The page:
The newton is named for Isaac Newton (1643 - 1727), who developed the laws of motion in classical mechanics.
The newton is a derived unit in the SI:
- The joule (J) is the SI unit of energy, and is the work done by a one-newton force acting over one meter.
- The pascal (Pa) is the SI unit of pressure, and is equal to a one-newton force acting over an area of one square metre.
- The newton-metre (N·m) is the SI unit of torque, and is the amount of torque generated by one-newton force acting at a radius of one metre. There is no distinct name for this unit.
Equivalent units of force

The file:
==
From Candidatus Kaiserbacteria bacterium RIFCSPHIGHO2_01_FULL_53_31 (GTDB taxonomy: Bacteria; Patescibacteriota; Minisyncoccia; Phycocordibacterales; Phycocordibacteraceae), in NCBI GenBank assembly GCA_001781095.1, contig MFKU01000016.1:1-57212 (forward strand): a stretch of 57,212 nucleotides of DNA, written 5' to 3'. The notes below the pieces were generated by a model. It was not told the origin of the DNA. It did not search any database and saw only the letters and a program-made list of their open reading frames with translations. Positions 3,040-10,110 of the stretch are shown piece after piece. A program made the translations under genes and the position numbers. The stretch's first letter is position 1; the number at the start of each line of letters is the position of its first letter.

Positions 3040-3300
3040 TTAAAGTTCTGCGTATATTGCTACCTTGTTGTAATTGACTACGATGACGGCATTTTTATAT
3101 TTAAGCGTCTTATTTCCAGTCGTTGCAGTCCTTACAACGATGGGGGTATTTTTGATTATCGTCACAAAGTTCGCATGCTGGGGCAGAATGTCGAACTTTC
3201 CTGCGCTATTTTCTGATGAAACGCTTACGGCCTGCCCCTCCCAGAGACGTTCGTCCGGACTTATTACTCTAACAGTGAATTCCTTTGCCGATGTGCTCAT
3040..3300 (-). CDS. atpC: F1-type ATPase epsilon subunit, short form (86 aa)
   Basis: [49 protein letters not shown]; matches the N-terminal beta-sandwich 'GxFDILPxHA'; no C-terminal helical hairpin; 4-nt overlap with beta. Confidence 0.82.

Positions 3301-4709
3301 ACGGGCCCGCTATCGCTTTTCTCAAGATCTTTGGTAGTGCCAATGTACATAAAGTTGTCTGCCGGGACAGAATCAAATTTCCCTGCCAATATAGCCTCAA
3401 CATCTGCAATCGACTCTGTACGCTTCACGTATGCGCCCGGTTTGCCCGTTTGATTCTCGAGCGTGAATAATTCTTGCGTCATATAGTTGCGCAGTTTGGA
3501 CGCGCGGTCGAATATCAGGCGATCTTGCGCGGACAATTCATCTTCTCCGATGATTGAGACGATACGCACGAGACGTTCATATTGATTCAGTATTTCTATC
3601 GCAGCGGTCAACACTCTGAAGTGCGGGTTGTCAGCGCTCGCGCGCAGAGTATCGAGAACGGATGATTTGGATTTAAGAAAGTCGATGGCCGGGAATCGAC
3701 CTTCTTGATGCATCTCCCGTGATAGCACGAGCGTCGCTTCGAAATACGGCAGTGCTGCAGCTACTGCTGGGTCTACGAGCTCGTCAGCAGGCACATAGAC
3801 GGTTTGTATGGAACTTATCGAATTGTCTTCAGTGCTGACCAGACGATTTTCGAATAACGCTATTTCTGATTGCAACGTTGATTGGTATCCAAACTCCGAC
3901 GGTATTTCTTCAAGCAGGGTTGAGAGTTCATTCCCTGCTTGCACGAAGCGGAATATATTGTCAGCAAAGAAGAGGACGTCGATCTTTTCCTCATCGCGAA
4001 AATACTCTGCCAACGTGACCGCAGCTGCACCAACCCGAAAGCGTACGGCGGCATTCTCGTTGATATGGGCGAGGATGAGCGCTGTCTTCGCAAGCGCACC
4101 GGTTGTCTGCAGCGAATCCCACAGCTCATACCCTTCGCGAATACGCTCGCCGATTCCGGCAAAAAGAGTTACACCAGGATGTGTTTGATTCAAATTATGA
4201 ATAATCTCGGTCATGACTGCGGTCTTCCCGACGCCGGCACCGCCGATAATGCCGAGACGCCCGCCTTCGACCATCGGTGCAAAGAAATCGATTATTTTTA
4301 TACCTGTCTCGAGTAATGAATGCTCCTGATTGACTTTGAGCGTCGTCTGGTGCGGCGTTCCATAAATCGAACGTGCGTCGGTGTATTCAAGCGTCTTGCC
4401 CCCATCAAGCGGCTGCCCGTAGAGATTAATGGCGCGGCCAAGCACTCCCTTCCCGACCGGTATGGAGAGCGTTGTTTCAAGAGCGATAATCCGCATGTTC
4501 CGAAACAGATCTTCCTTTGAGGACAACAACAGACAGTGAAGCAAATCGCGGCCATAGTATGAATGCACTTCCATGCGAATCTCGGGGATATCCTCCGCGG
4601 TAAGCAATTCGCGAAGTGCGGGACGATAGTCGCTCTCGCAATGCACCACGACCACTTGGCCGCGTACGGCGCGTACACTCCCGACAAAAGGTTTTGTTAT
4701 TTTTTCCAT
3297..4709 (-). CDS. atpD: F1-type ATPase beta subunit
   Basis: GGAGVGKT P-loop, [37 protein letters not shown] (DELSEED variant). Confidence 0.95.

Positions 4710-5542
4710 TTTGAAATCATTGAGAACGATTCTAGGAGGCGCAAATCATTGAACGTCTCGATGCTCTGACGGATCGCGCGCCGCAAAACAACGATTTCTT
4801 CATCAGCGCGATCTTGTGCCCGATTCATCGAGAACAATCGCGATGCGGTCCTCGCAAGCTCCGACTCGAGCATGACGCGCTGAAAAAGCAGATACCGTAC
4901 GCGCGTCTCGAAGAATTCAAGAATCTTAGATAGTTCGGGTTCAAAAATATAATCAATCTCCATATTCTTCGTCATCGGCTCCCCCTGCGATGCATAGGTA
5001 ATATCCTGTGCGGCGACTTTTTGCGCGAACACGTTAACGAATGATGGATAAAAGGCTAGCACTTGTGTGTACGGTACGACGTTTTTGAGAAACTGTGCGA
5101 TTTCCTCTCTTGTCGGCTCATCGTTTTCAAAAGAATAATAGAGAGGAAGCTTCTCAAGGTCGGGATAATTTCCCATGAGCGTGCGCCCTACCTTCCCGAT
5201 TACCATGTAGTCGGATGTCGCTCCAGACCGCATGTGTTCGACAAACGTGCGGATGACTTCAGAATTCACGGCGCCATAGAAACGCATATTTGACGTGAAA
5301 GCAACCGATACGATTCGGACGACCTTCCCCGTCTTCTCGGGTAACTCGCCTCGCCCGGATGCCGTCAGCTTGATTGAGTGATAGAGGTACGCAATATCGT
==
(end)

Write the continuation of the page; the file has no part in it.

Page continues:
- 1 N ≡ 1×105 dyne (symbol: dyn)
- 1 N ≈ 0.101972 kilogram-force (symbol:kgf)
- 1 N ≈ 0.101972 kilopond (symbol: kp)[note 1]
- 1 N ≡ 1×10-3 sthène (symbol: sn)
- 1 N ≈ 0.224809 pound-force (symbol: lbf)
- 1 N ≈ 2.24809×10-4 kip (symbol: kip)[note 2]
- 1 N ≈ 7.233014 poundal (symbol: pdl)
A kilogram mass has a weight of about 9.81 N in earth's surface gravity. A healthy adult human subject to earth's surface gravity typically weighs between 450 N and 900 N.
The drive train of a 2006 Chevrolet Corvette Z06 can produce approximately 10.3 kN while accelerating the car from 0 to 26.8 m/s (60 miles per hour).
- Another name for a kilogram-force. Not to be confused with "kilopounds", meaning 1,000 pounds of mass.
- A non-SI unit of force equal to 1,000 pound-force.